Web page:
An Antiwar March Through Towns Unused to One

The New York Times, May 15, 2008

By Michelle York

CENTRAL SQUARE, N.Y. — On Wednesday, Charlie Price was smoking a cigarette and sitting outside his restaurant, Charlie’s Place, on a two-lane stretch of highway on the outskirts of town.

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Mary Buttolph for The New York Times

Peace marchers in Mexico, N.Y., on their way to Fort Drum, where they plan to rally on Saturday, which is Armed Forces Day.

Mary Buttolph for The New York Times

Joseph C. Godfrey encouraged peace marchers. One of his sons suffered from post-traumatic stress disorder after a tour in Iraq.

He watched as a small group protesting the war in Iraq marched toward him, carrying peace signs and waving at the cars and tractor-trailers whizzing by. “I don’t think it’s going to do any good,” Mr. Price said of their efforts. “I want to get out of there, too, but I don’t think this is the way.”

Yet once the protesters, headed for Fort Drum, more than 50 miles away, reached him, Mr. Price eagerly offered them water and a place to rest — a more pleasant welcome than they had received from many others along the way.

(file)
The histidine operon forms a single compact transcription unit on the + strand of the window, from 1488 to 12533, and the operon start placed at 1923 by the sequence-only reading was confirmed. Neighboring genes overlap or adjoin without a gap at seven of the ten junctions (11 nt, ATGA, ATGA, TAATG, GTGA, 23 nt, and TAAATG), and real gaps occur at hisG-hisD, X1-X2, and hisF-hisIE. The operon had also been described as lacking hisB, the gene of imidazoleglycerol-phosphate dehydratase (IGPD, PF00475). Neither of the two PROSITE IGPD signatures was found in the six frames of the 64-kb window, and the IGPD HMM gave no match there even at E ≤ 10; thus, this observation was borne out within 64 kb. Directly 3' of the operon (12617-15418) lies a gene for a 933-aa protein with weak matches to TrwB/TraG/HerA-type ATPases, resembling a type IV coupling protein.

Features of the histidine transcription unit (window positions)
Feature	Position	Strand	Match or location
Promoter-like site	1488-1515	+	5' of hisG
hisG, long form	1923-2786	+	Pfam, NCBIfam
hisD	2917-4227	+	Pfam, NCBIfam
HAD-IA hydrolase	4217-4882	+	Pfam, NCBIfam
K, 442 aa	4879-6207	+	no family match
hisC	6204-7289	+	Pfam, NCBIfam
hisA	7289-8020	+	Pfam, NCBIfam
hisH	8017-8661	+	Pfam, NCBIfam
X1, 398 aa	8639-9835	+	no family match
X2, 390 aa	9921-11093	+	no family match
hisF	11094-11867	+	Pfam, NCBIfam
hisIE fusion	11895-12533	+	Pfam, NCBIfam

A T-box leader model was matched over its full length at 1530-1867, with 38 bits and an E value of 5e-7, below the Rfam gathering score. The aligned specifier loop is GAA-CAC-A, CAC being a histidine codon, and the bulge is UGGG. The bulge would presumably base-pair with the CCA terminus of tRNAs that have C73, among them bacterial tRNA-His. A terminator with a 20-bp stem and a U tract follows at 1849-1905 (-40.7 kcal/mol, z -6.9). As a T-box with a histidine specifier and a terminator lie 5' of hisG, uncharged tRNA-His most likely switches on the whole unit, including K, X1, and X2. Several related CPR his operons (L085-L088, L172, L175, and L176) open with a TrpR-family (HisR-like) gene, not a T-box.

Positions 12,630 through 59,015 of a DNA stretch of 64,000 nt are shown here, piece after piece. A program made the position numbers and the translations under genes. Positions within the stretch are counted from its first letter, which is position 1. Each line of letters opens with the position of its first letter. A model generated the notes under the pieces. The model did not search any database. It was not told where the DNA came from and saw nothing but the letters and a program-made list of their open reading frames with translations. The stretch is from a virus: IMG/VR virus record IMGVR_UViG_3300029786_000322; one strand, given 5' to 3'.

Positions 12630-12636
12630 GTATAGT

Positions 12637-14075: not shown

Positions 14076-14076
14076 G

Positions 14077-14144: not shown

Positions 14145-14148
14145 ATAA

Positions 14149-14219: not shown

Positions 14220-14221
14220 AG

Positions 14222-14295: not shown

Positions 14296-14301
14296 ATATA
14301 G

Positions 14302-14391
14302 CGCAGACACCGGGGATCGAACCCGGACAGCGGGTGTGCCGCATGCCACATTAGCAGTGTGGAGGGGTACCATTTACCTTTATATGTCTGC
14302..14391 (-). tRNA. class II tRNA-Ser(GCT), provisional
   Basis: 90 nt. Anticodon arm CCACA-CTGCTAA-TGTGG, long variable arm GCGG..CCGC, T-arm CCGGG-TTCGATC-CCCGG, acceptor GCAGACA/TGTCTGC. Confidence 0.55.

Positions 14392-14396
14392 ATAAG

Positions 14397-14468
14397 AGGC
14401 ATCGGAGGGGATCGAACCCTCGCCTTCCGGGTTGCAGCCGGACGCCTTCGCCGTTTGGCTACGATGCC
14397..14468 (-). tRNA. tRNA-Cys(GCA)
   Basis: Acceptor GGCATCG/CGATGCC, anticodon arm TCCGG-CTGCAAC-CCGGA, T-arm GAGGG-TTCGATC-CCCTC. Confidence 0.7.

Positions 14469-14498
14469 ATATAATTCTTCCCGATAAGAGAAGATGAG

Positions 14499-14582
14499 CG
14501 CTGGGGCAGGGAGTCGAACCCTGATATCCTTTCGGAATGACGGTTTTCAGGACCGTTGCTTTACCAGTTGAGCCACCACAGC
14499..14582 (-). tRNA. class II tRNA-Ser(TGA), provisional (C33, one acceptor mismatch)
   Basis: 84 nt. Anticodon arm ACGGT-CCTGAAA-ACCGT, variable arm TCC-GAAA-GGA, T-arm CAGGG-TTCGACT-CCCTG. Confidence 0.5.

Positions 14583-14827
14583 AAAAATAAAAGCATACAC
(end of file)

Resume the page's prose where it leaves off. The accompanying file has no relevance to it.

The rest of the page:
Carmen Viviano-Crafts, 23, of Syracuse, who was carrying a small cardboard sign that read, “Bring home my boyfriend,” said that some people “gave us the finger and stuff like that.”

Since the war in Iraq began five years ago, the Second Brigade at Fort Drum has put in four tours.

For the past week, opponents of the war have taken several routes through the conservative and largely rural reaches of upstate New York — small communities that have sent many of their young men and women into the military right after high school and have paid a disproportionate price.

On Saturday, which is Armed Forces Day, protesters ranging from peace activists to Iraq Veterans Against the War will hold a daylong rally outside Fort Drum. What they lack in numbers — there were only about 40 on the road on Wednesday — they have made up for in passion, having walked about 80 miles so far.

Continued . . .


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